“I never thought it would take as long as 10 weeks to wake me up. I remember being roused, I remember getting my tracheotomy, I remember being wheeled through hospital corridors – and then the next few days are a blur.”
From his recovery bed in a private room in Cho Ray Hospital on the other side of Ho Chi Minh City, where he was transferred after being taken off a ventilator and testing negative for the virus, Cameron is feeling the fallout of several months being motionless and severely ill.
He’s lost 20kg (3.1 stone) and his muscles are so wasted it’s an effort to swing his leg up even a few inches. He’s also suffered from severe fatigue and depressive lows since waking up, in addition to the nagging fear that post-traumatic stress could be just around the corner.
“I’ve been through a lot mentally. Right now, all I want to do is return home. It’s the lack of noise and heat I miss the most. There’s such a buzz here from all the scooters’ horns and it’s monsoon season. Fifteen degrees back home for me is just nice.”
In the past few weeks, he’s been visited at his bedside by not just a procession of doctors and nurses, but also high-ranking diplomats, government officials and politicians. Most recently, his hospital room played host to the British consul general and the chairman of Ho Chi Minh City’s People’s Committee.
He recalls the mayor promising he’ll “be back in England soon”, before being swiftly corrected.
“I told him, if I get dumped in England, I won’t be too happy,” he jokes. “I need to get home to Scotland, it’s 400 miles away.”
There’s also a practical side to Cameron’s desire to return home as soon as possible. The twice-daily rehab sessions he receives are made more difficult by the language barrier as very few medical staff speak good English. Rehabilitation for the most severely ill patients after ICU is always a delicate dance. Progress and pitfalls are faced in equal measure, and it can be dragged out over several years.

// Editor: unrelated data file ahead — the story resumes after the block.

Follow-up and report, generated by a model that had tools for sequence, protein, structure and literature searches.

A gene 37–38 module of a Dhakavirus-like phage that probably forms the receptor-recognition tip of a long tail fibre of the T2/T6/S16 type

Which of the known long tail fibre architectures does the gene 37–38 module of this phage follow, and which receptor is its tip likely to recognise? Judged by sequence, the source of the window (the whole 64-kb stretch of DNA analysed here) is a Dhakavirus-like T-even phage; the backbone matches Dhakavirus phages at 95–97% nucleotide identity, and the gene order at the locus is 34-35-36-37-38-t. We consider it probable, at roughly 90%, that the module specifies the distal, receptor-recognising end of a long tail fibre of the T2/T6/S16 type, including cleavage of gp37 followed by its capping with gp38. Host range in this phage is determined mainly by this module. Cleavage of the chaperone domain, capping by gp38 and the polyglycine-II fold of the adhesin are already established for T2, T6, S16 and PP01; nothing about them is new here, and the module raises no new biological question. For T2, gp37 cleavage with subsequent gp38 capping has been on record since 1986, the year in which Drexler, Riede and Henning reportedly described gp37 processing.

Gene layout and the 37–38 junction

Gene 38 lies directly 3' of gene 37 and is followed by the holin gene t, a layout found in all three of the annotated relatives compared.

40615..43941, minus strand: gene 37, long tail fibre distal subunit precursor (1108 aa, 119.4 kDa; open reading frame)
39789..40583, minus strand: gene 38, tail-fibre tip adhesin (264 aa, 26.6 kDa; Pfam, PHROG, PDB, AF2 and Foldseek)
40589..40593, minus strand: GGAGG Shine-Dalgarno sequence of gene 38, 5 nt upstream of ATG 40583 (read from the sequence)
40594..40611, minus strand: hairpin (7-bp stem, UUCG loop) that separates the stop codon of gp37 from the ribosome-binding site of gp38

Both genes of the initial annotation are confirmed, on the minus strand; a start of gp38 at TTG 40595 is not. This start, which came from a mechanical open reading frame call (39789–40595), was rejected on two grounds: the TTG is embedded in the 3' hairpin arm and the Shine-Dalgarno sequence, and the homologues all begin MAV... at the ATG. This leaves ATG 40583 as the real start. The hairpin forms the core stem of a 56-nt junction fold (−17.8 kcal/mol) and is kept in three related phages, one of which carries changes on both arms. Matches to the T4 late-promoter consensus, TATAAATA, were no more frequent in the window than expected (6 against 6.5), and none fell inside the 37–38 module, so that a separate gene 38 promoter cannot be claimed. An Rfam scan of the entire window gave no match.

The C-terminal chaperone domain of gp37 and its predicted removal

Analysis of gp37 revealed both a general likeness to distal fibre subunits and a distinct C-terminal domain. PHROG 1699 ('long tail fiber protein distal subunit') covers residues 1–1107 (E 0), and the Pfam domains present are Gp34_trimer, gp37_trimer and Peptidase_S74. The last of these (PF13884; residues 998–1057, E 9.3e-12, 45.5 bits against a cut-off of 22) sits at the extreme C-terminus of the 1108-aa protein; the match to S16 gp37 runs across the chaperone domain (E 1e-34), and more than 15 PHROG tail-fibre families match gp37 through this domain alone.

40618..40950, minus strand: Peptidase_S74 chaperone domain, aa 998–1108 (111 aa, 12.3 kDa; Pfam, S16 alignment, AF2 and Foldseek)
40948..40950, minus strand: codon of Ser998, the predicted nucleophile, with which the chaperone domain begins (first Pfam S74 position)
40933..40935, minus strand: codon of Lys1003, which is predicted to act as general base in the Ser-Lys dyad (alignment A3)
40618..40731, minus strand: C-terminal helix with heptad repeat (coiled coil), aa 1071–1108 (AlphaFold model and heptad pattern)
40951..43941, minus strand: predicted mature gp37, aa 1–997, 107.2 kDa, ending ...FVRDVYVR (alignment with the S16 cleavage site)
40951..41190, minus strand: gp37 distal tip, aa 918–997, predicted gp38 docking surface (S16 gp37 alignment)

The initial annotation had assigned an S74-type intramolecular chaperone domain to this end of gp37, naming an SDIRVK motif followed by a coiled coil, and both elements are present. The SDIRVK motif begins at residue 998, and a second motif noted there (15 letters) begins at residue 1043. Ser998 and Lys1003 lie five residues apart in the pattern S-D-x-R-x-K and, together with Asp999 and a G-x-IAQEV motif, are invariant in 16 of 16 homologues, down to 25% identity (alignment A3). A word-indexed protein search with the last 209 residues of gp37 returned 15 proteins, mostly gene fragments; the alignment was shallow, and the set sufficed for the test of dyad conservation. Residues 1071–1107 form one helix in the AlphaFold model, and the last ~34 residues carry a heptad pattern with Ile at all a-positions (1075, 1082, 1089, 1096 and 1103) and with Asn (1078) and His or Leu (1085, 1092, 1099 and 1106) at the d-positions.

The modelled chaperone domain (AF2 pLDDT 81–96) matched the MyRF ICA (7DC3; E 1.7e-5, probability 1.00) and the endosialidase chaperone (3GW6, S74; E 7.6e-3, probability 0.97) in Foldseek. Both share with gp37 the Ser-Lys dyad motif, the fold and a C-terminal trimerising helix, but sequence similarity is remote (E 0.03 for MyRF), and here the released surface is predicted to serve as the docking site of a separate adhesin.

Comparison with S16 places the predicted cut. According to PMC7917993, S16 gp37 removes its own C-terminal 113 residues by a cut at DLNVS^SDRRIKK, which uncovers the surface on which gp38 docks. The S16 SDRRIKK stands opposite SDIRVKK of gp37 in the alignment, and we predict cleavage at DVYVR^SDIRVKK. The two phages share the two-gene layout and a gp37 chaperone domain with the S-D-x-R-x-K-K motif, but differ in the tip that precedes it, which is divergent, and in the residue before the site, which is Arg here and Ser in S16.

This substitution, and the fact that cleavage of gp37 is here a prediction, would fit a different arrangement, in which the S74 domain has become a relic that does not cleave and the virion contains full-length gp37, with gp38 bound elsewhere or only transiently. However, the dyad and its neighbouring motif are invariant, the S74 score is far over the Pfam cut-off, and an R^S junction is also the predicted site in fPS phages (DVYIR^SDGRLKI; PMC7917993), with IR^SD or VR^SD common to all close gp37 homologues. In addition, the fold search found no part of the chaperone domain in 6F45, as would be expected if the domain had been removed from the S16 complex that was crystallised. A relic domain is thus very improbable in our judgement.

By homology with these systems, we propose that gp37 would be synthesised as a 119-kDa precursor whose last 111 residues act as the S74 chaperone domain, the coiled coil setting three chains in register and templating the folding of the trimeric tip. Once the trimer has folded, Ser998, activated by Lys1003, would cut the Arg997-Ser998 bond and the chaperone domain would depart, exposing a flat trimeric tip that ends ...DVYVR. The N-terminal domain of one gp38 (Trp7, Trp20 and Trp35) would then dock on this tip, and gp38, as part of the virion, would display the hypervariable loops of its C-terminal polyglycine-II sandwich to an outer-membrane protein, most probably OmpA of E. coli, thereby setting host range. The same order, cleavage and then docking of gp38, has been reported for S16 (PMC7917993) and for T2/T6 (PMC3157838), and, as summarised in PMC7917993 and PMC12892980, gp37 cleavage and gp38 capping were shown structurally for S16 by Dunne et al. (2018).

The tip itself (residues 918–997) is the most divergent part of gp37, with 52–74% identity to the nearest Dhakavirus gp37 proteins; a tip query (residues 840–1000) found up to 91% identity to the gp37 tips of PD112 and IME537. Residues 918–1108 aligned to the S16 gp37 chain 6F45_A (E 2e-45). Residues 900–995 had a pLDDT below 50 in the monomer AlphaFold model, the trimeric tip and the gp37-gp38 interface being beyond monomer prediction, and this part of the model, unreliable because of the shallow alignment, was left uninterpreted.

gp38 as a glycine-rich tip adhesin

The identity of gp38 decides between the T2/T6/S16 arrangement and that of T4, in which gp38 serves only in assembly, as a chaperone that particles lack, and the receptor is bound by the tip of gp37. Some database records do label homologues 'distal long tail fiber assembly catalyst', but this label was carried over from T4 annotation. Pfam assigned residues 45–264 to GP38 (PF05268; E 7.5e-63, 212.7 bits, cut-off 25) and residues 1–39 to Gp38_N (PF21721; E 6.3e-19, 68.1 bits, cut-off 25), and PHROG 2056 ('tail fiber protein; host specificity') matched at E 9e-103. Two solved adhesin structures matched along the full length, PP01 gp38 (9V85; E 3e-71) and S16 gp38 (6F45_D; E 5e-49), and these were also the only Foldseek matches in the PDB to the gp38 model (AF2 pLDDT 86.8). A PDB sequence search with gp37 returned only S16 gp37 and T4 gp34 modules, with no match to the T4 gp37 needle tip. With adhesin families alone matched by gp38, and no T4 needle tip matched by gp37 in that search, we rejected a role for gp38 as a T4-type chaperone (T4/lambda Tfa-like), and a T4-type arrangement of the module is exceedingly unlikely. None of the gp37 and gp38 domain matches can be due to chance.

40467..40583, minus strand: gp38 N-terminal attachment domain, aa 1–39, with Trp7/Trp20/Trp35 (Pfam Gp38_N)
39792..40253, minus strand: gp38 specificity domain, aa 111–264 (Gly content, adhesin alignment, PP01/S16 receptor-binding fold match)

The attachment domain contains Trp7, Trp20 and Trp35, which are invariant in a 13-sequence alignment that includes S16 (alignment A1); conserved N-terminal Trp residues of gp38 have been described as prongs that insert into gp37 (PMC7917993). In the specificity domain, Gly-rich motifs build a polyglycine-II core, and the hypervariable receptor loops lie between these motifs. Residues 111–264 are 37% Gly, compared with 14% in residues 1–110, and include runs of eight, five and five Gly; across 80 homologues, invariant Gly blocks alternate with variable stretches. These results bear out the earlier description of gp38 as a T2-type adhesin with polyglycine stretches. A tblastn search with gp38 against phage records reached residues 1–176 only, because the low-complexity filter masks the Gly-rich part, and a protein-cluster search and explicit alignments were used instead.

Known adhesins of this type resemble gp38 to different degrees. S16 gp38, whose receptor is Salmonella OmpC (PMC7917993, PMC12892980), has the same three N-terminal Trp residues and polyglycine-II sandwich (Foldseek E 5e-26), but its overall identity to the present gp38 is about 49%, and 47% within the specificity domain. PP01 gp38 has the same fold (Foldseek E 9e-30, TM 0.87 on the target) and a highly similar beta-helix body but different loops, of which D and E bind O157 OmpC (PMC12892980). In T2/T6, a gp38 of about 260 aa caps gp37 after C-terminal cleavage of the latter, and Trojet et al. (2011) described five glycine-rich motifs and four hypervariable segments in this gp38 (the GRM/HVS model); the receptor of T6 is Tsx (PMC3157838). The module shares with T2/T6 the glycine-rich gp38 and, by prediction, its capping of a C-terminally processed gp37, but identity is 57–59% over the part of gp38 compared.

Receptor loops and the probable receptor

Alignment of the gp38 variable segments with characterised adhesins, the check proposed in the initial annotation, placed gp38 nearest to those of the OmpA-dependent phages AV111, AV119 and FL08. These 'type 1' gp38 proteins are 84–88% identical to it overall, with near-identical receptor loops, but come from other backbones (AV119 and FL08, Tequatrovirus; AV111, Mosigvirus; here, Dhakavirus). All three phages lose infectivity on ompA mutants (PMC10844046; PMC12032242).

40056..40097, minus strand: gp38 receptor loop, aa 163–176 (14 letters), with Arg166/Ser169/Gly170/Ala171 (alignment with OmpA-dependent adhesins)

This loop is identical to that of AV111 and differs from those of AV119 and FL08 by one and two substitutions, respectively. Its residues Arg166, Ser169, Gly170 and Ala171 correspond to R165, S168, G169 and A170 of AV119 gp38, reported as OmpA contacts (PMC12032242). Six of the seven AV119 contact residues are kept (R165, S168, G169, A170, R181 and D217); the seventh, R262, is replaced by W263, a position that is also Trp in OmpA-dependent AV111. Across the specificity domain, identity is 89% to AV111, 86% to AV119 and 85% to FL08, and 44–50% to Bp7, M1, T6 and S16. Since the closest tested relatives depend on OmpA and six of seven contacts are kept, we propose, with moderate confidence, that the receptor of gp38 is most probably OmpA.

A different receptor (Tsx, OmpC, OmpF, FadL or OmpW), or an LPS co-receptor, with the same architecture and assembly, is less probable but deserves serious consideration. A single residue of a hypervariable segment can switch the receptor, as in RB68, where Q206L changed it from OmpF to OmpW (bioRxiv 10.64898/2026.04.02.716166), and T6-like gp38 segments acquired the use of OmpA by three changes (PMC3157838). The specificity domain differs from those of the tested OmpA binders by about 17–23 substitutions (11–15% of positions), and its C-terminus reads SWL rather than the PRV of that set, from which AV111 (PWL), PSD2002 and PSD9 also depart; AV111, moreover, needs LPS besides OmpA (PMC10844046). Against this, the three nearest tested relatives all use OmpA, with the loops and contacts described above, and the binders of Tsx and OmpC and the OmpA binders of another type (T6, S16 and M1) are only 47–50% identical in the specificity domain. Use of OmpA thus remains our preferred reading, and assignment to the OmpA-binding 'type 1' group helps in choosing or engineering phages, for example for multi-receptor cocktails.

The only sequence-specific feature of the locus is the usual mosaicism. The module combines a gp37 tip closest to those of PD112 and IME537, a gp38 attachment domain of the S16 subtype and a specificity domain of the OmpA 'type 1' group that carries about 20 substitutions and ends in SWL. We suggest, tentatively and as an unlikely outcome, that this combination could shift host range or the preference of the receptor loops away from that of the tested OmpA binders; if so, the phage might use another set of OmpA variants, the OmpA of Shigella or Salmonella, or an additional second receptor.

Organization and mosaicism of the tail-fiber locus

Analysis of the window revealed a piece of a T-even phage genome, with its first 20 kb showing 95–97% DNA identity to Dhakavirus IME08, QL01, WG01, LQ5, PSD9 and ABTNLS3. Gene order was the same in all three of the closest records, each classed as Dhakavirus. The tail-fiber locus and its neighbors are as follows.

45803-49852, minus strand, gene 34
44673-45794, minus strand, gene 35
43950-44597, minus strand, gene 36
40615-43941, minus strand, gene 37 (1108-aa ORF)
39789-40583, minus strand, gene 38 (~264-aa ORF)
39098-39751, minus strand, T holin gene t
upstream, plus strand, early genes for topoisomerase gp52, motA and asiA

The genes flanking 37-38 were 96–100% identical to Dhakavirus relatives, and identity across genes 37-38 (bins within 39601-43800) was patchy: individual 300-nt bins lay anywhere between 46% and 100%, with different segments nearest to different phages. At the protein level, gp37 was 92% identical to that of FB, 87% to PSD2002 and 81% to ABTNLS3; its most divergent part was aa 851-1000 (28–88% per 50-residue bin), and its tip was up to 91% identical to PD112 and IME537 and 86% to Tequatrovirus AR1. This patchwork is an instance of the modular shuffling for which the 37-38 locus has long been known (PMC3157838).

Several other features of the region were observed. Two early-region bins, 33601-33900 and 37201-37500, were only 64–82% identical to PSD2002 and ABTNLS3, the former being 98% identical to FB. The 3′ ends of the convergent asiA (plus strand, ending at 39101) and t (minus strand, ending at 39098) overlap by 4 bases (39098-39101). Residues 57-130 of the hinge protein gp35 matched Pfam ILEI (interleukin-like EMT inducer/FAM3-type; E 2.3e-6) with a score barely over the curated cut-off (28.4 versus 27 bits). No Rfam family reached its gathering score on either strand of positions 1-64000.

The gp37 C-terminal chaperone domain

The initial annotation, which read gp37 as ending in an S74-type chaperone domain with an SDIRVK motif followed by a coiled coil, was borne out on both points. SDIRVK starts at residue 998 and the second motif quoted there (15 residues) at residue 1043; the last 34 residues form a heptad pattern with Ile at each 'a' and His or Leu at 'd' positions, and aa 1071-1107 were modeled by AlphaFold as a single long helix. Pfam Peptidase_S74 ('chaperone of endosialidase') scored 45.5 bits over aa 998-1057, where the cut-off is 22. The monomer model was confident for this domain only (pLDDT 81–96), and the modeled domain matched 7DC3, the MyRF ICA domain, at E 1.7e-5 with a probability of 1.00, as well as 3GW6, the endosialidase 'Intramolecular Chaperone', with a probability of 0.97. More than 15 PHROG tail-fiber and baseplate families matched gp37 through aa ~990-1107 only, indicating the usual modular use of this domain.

The hospital, in which Cameron is a patient, dates back to Vietnam’s French colonial era – it’s one of the country’s leading medical facilities
“I feel like I’m taking up a bed that somebody who is really ill could take.”
But his care hasn’t come free. An Ecmo machine costs $5,000-10,000 (£4,000 – £8,000) a day to operate and he was reliant on one for eight-and-a-half weeks.
The ongoing wrangling over who will cover the costs are causing him stress and diverting attention away from his recovery. At first, the Hospital for Tropical Diseases paid out of its own pocket for his treatment. Then, it seemed the British embassy would intervene. His work insurance eventually covered the cost. But the funds for his stay in Cho Ray Hospital are still up in the air.
“It’s become really, really frustrating. At the beginning, I’d send the insurance company an email and they would say: ‘Yeh, we’ll sort that’. Now, the response is ‘We’ll deal with this shortly’ and nothing seems to happen.”
There’s a place for Cameron on a Vietnam Airlines flight back to the UK on 12 July. Meanwhile, planes continue to shuttle Vietnamese nationals back from Europe, and having been declared fit to fly a week ago, Cameron is confused why he can’t return home sooner.
“As I’m such a well-known public figure here now, everything about my case is controlled by the government.”
The politics of his return are a reminder that the miraculous recovery of Patient 91 is not just a story of a Scottish pilot who recovered from Covid-19 and overcame the odds. It is the story of how a developing Southeast Asian country with a turbulent recent history beat the odds too.
This Post was originally published on bbc.com